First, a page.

Ciaran McCreesh’s Blag

Now with 17% more caffeine

Paludis Ruby Bindings and Template Classes

A PackageID in Paludis supports various actions. An Action is represented by a subclass instance, such as InstallAction or ConfigAction, some of which carry member data (for example, an InstallAction carries information about the target repository for the install).

To perform an action, the PackageID::perform_action method is used. But not all IDs support all actions — you can’t, for example, uninstall a package that isn’t installed, and not all EAPIs support the ‘pretend’ action. So there’s a second method, PackageID::supports_action, that returns a bool saying whether an action is supported.

That’s all very well, but it would require constructing an Action subclass instance just for querying purposes. There’s not much point in this. So we make PackageID::supports_action take a SupportsActionTest<SomeAction> parameter rather than an Action. Unlike the base Action subclass, the SupportsActionTest<T_> template class carries no member data, so it doesn’t need fancy construction. This lets us do this:

if (my_package_id->supports_action(SupportsActionTest<FetchAction>()))
{
    FetchAction fetch_action(_imp->fetch_options);
    my_package_id->perform_action(fetch_action);
}

This pattern crops up in two other places. To speed up certain queries, we can ask a Repository whether some of its IDs might support a particular action. The Repository::some_ids_might_support_action method will always return true if any of its IDs support a particular action, and might return false if it’s known for sure that none of them will (this weasel wording is necessary because we might, for example, have a repository full of ebuilds with unsupported EAPIs, and unsupported EAPIs means no actions are possible).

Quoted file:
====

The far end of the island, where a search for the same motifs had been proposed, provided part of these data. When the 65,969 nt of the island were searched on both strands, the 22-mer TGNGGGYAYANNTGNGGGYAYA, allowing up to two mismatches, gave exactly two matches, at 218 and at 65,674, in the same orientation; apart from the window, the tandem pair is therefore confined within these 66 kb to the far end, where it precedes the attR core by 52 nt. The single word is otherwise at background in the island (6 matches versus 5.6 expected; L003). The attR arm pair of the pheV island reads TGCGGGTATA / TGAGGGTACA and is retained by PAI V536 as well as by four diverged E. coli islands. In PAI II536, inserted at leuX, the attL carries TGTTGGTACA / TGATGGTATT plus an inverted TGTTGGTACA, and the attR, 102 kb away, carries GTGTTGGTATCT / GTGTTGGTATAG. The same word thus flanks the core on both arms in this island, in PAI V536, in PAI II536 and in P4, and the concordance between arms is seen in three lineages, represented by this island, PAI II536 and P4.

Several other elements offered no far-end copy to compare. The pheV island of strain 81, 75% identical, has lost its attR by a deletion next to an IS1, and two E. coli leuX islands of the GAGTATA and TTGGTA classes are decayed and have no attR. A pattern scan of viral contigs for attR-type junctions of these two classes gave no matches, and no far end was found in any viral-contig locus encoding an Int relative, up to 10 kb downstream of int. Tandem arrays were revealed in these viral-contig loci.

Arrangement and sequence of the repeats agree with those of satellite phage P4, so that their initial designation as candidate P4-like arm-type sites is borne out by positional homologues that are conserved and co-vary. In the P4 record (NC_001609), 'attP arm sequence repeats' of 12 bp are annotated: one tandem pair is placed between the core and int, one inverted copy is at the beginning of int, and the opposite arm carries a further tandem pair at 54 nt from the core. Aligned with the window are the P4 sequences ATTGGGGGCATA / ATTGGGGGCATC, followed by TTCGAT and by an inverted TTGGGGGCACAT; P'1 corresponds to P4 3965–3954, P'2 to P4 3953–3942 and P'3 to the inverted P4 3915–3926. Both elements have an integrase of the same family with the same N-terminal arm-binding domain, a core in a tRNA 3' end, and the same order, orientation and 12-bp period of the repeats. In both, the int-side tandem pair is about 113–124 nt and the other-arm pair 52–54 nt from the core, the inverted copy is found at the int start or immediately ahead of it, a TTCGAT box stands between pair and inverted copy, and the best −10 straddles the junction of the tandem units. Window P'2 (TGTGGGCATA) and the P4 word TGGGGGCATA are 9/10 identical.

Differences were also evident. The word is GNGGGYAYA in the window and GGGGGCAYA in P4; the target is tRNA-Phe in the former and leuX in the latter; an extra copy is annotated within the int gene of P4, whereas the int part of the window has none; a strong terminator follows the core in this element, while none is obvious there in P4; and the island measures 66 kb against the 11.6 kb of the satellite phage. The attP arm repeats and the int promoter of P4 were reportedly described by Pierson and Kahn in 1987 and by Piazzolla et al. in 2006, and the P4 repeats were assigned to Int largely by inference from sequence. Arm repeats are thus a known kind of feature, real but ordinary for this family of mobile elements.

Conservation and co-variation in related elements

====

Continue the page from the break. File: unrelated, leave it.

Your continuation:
Similarly, the new filter system has filter::SupportsAction<ActionClass>. The implementation of this filter uses the Repository and PackageID methods to be as lazy as possible.

Which is all well and good, in C++, but with bindings things get a bit icky since templates don’t translate naturally. In Ruby, we used to have a bunch of classes. SupportsInstallActionTest.new() would be like SupportsActionTest<InstallAction>(), SupportsConfigActionTest.new() would be like SupportsActionTest<ConfigAction> and so on. This isn’t particularly nice.

It occurred to me that SupportsActionTest.new(InstallAction) is legal syntactically in Ruby. It passes the value InstallAction, which is a variable of class Class, as the parameter. Then we have to screw around a bit in the bindings code, remembering that SomeClass <= OtherClass in Ruby means “SomeClass is or is a subclass of OtherClass“:

/*
 * Document-method: SupportsActionTest.new
 *
 * call-seq:
 *     SupportsActionTest.new(ActionClass) -> SupportsActionTest
 *
 * Create new SupportsActionTest object. The ActionClass should be, e.g. InstallAction.
 */
static VALUE
supports_action_test_new(VALUE self, VALUE action_class)
{
    std::tr1::shared_ptr<const SupportsActionTestBase> * ptr(0);

    try
    {
        if (Qtrue == rb_funcall2(action_class, rb_intern("<="), 1, install_action_value_ptr()))
            ptr = new std::tr1::shared_ptr<const SupportsActionTestBase>(make_shared_ptr(new SupportsActionTest<InstallAction>()));